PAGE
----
Domaine Baron Thénard is a magical place to visit. From the outside, the cellar looks like an old barn; the roof is near the ground and when you open the door, you immediately descend the slippery stone steps into the cellar. The cellar dates from the eighteenth century— it's dark, damp, and cold— a perfect place to age wine. At the bottom of the steps, you are in a large room that houses the gigantic open top wooden fermenters that are still used for the red wines. Owner Jean-Baptiste Bordeaux-Montrieux does not know how old the fermenters are, perhaps 100 years old save the leaky stave that may be replaced from time to time. Sometimes in this room, you might see a barrel or fifteen(!) of Montrachet stacked up on the side. As you wind through the cellar, you find a very old press that is centuries old (no longer in use). There is a room for aging whites - Givry Blanc from the Clos du Cellier aux Moines and again, more Montrachet. Another room is used for aging the reds, it's full of foudres and barrels. It's an incredible cellar to visit. You also see bottles stacked up and covered in mold... and once in a while, we get some of these library wines in limited release!
Within all of those barrels and foudres you will mostly find Givry. The domaine has eighteen hectares total in Givry that are spread over three 1er Cru, the Clos du Cellier aux Moines, Clos Saint Pierre, and the Bois Chevaux. The domaine also has just under five hectares in the Cote d'Or: Premier Cru Clos St. Jean in Chassagne, Iles des Vergelesses in Pernand, Grand Cru Clos du Roi in Corton, Les Grands Échezeaux in Flagey, and they are the second largest owner of Le Montrachet at one and four-fifths hectares. Even with the excellent holdings throughout Burgundy, the heart of the domaine has remained in Givry. The Clos Saint-Pierre is a monopole of the domaine and it is the highest on the hil, with eastern exposure and a red soil; it normally gives the most tannins of the three cuvées and is the most age-worthy. The Bois Chevaux is located mid-slope and is also east-facing. The Clos du Cellier aux Moines is south-facing and has more clay in the soil; it's normally the most joyful of the three when it's young, but also develops slowly and is age-worthy.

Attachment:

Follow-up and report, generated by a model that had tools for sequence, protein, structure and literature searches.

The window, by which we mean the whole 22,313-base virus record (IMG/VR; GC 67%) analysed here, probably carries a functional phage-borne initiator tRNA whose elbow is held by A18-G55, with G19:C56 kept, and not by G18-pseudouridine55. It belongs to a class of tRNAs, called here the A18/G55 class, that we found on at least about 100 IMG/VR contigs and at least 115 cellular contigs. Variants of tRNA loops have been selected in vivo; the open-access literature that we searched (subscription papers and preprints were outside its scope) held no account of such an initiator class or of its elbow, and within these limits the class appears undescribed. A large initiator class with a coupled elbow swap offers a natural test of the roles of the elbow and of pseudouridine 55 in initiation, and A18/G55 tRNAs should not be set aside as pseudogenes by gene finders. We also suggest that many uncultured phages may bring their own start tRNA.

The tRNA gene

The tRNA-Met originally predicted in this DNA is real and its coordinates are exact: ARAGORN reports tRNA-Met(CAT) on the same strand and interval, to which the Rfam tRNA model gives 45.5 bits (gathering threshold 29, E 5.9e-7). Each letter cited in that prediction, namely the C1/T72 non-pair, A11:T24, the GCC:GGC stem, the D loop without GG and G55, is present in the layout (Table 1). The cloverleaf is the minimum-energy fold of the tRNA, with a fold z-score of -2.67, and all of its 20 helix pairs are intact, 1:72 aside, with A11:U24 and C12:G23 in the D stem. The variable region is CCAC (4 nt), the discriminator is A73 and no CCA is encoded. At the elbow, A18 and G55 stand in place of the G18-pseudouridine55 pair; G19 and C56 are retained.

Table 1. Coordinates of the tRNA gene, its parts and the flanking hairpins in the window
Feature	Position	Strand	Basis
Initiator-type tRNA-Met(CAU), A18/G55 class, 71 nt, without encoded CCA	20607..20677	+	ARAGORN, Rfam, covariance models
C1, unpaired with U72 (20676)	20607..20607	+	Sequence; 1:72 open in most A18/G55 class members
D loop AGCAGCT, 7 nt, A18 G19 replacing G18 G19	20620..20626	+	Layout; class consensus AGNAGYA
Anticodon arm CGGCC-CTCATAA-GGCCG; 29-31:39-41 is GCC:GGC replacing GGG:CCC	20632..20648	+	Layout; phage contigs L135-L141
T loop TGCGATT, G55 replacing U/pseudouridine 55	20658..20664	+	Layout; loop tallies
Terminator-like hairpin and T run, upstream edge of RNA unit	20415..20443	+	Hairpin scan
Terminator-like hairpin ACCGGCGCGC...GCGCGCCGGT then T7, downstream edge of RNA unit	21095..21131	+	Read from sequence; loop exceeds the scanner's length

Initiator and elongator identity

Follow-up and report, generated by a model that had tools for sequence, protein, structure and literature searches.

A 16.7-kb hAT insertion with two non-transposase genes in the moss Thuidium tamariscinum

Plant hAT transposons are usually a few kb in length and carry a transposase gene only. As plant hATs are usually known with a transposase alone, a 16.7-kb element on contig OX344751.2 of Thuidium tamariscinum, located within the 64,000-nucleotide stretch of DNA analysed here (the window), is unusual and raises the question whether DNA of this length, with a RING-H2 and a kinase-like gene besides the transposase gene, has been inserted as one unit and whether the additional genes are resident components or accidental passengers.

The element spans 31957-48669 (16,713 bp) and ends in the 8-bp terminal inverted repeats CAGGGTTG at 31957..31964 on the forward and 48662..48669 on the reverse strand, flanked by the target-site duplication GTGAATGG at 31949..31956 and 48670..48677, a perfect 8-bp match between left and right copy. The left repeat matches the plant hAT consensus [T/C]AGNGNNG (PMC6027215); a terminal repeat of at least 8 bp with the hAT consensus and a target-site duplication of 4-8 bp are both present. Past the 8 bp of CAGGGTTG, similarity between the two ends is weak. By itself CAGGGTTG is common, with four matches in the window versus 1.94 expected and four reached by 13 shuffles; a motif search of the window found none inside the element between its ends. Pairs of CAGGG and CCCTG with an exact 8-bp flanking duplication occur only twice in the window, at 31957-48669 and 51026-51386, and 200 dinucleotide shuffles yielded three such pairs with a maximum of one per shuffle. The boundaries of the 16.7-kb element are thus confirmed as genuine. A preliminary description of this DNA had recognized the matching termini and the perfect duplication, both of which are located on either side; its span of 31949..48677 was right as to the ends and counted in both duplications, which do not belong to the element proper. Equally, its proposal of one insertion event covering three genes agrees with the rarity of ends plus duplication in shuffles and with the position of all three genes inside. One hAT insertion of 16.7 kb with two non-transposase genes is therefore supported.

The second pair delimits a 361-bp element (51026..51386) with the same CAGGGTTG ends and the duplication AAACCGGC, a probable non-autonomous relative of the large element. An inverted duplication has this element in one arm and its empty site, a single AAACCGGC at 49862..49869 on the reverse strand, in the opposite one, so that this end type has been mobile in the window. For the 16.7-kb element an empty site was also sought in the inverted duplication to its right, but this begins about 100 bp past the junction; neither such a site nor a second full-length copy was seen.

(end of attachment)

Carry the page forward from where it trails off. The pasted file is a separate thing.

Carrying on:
Jean-Baptiste Bordeaux-Montrieux has been running the domaine from the 1980's and the wines have always been made in a very traditional method: fermented in wood tonneau barrels for two weeks, punched-down by foot twice a day, then aged in barrel for twelve to eighteen months (five percent new oak on the premier crus), and only very lightly filtered if necessary. The whites are fermented and aged in barrel. Fermentations start spontaneously and go at their own pace, sometimes lasting months. The amount of new oak has been dialed back on the Montrachet and averages fifty percent from the 2010 vintage. On the reds, the Clos du Cellier aux Moines is aged mostly in foudres and the Clos Saint-Pierre is aged mostly in used barrels. The Boix Chevaux is a fifty-fifty mix of foudres and barrels.
Bowler was the first to import these wines in the United States. Thénard previously sold wine to Remoissenet and they had signed a non-compete agreement. The contract changed and 2005 Givry was the first to be sold state-side. It's been great to introduce these wines to the market. They represent a very old-style of Burgundy that you find less and less: the wines (Givry Rouge) are delicate and light in color, smell like forest floor, have bright and beautiful acidity, and a measured amount of fruitiness to them. If you want to collect wines on a budget, these are beautiful options. And if you have a chance to pick some up on a library offer, do not hesitate! The wines come aged from the cellar and the oldest we have ever tasted was a Givry Village from 1976; it was fresh and very much alive.